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Boebert: ‘Put guard over your mouth when you’re tempted to agree with enemy’

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July 6, 2021, 10:43 am

A group of about 150 Mesa County residents cheered as Colorado Congresswoman Lauren Boebert walked up the steps of the old Mesa County Courthouse in Grand Junction, where the group Stand For The Constitution (SFTC) hosted a July 4 “freedom rally” immediately following Grand Junction’s Independence Day parade.

Boebert was expected to ride on the Mesa County Republicans float during the parade, but when she hadn’t appeared by parade time organizers noted that she had been at a Trump rally in Sarasota, Florida , the night before and might be late. Rally goers gathered on the courthouse lawn as they waited for Boebert to appear, enduring triple-digit temperatures and listening to various speakers.

U.S. Rep. Lauren Boebert in Grand Junction on Sunday.

Wearing jeans, a white tank top, red stiletto high heels, and a red hat that said “Save America” — along with her trademark holstered firearm — Boebert made a commanding presence as she began to speak.

Her speech, which was full of God references, started off curiously with a mention of Israel.  

“There are two nations created for God’s glory – Israel and the United States of America,” Boebert said.  “We stand strongly with Israel.”

She went on to say how she was thinking of the Founding Fathers that morning and how they “dared to go against the King of England. They had faith in God and each other,” she said.

“We will not back down until we have everything God has promised us,” Boebert said. “We are an army for everything that Jesus has purchased for us and our children, and our children’s children.

“It’s not a coincidence that Independence Day is on a Sunday this year.”

She went on to say how it’s easy to complain about what the enemy is doing, and admonished the crowd “today [to] put a guard over your mouth when you’re tempted to agree with the enemy.”

Boebert made a few mentions of former President Donald Trump, including her most recent trip to the border in June.

“I went with who is still leading this nation, and so then suddenly [Vice President] Kamala [Harris] decides to go herself,” she said.

She mentioned joining Trump last year for the Fourth of July celebrations in South Dakota. She also told a story how she recently told him he “looked good” and hadn’t aged 20 years like most Presidents when they leave office.

“That is the anointment of God,” she said.

Regarding President Joe Biden, whom she did not refer to by name, Boebert said he’s not in charge.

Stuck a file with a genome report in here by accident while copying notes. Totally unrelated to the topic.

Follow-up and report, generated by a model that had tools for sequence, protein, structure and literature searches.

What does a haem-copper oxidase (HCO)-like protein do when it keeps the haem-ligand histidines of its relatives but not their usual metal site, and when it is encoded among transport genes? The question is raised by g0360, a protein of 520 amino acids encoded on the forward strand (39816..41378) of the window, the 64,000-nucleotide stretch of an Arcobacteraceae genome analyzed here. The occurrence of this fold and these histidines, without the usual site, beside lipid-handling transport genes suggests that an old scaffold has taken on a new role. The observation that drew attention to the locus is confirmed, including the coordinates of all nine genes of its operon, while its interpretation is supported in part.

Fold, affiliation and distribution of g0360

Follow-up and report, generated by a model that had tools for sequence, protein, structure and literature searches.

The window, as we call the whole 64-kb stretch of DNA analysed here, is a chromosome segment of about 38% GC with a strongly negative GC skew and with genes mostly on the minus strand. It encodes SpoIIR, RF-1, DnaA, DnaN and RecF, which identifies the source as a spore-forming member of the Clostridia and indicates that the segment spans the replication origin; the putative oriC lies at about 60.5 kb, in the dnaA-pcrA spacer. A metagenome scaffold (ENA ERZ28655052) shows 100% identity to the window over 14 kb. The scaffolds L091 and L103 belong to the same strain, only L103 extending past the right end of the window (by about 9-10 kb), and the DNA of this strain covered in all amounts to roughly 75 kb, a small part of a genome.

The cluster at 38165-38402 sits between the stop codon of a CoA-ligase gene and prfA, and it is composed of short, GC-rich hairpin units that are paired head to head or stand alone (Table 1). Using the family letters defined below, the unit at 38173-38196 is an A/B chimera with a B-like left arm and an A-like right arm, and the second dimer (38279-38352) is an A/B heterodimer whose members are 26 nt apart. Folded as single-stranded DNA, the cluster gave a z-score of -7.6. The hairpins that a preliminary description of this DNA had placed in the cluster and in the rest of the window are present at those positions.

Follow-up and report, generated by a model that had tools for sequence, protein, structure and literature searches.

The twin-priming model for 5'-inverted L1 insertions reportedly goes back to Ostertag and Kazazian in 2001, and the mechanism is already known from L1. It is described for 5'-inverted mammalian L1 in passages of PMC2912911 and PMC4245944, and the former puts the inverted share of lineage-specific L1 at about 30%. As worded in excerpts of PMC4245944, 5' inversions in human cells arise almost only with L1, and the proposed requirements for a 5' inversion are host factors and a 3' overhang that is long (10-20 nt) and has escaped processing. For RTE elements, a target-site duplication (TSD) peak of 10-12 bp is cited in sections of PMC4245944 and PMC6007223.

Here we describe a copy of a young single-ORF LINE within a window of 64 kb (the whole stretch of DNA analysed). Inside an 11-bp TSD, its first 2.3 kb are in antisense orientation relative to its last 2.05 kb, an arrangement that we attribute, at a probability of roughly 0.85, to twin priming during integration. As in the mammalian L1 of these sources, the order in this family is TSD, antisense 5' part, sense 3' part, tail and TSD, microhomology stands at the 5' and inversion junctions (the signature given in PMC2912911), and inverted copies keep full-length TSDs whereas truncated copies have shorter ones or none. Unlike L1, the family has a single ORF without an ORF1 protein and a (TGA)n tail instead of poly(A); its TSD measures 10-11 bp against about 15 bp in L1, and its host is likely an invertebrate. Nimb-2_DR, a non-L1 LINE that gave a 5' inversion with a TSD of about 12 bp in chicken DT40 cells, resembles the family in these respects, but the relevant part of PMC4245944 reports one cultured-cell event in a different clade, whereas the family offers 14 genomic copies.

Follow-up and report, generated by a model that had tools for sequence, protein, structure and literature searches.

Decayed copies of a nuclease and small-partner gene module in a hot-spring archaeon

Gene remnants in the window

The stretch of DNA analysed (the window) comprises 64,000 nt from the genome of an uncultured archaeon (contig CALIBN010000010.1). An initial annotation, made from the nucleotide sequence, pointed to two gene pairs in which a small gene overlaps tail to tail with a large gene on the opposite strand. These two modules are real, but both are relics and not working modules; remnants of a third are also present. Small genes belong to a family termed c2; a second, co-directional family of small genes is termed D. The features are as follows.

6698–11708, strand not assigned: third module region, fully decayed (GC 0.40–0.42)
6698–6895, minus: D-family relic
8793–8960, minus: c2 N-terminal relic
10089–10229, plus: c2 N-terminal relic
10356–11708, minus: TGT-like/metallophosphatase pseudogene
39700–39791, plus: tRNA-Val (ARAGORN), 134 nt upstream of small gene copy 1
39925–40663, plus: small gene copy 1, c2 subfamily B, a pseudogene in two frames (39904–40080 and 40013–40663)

“God is on the throne,” she said. “It doesn’t matter who is President; we serve the almighty King. Trump has not given up and he will not give up.”

Jim Drummond, a U.S. military veteran from Grand Junction, was one of many who posed with Boebert afterward for a photo. He said he has been an early supporter of Boebert.

“It was an amazing speech,” he said.

Grand Junction resident Richard Gunst, who wore a Trump 2020 hat, is also a fan.

“We’ve been with her all along,” he said. “We ate at her place all the time when we had a company in Rifle. [Boebert owns Shooters Grill in the town of Rifle, roughly 60 miles east of Grand Junction.] “I had no idea the woman serving us would be the same woman serving us [in Congress] not in the restaurant. I’m so proud of her. She’s easy to understand and clear-spoken.”

Afterward, as she mingled and posed for photos, Boebert was asked if she was in favor of repealing the Affordable Care Act (ACA). She responded,“Who are you with?” before turning away and refusing to answer, saying, “I have to talk to these people.”

According to AARP, all ACA plans are required to cover emergency services and hospitalization due to COVID-19. Policyholders, however, may have out-of-pocket costs from coronavirus-related care, depending on their individual plans and any copayment and cost-sharing responsibilities.

Mesa County Health Department has stated that the highly contagious India variant of COVID-19 is spreading rapidly in Mesa County, where the vaccination rate has remained low, around 41%. At the same time the city’s two hospitals have operated at capacity off and on for weeks.

Other speakers at the rally included Jacquelyn Anderson, a close friend of Boebert’s who also serves as first vice-chair of the Mesa County Republican Party; Mesa County commissioner candidate Bobbie Daniel; self-described freedom fighter Pamela Chapman; and Tom Keenan, president of Stand For The Constitution, (SFTC), the same group that has been petitioning Mesa County’s Republican Commissioners for weeks to adopt a resolution declaring Mesa County a Constitutional Sanctuary.  The commissioners declined the request at the June 28 meeting.

Keenan, who said he was an educator for 20 years, told the crowd that if you believe in God and the Constitution you are welcome to join SFTC, which meets weekly at a local church.

He complained about schools “rewriting history” and that the Critical Race Theory tells people that “if they are white they are racists and should feel bad about themselves.” Critical Race Theory is actually an academic concept that racism is not merely individual bias or prejudice, but also something embedded in legal systems and policies.

“We want to improve leadership in Mesa County to what it used to be,” before the community veered “away from moral character,” Keenan said.

“It’s time for us to fight as warriors,” he said. “This is a war. It’s no longer about Democrats and Republicans. It’s about good and evil replacing what we believe in in this country.”

Editor’s note: This story first appeared on The Colorado Times Recorder website.

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Sharon Sullivan

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